HEZEKIAH’S TUNNEL. For more than a hundred years, an extraordinary water tunnel in Jerusalem has been attributed to King Hezekiah, who dug it to protect the city’s water supply during the Assyrian siege of 701 B.C.E. Hence its name, Hezekiah’s Tunnel. However, recent scholarly publications now argue that the tunnel was not built by Hezekiah but by his predecessor or his successors. For more, click on the link. Photo: Hershel Shanks.
King Hezekiah's Seal. Known as a bulla, the clay was impressed with a seal belonging to King Hezekiah, who ruled Judah from c. 727–698 B.C.E. It was Hezekiah who saved Jerusalem from a siege by the Assyrian monarch Sennacherib by fortifying and expanding the city’s walls and by building the tunnel that still bears his name to ensure a steady supply of water.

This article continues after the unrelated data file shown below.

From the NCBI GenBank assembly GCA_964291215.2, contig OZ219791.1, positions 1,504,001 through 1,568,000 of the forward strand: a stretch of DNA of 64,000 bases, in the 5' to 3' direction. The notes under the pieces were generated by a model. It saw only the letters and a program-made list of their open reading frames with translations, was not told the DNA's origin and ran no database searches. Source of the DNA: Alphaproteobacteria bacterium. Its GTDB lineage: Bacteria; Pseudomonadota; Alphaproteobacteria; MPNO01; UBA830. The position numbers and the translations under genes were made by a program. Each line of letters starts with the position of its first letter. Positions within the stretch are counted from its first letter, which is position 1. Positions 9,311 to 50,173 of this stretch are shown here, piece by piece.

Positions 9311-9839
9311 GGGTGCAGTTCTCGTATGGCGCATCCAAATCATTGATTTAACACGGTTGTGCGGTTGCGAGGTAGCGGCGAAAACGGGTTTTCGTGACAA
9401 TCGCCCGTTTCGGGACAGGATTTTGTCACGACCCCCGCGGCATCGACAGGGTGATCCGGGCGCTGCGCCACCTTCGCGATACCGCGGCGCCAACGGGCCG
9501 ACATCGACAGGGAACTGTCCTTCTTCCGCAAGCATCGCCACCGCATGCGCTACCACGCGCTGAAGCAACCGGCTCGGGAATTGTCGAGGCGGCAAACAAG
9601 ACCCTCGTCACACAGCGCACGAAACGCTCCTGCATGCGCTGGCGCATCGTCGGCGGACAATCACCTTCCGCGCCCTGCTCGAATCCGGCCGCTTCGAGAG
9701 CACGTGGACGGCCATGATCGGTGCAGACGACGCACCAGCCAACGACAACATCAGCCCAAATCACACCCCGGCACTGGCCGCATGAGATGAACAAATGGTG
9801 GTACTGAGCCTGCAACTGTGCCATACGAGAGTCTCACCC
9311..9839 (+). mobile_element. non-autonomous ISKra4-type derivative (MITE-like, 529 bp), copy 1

King Hezekiah’s story helps us to appreciate that every day we live is a gift from God. Hezekiah went into the temple to sing songs of thanks and praise to God. The words of thanks the King gave to God for healing him can be found in chapter 38 of Isaiah’s book. – Slide 17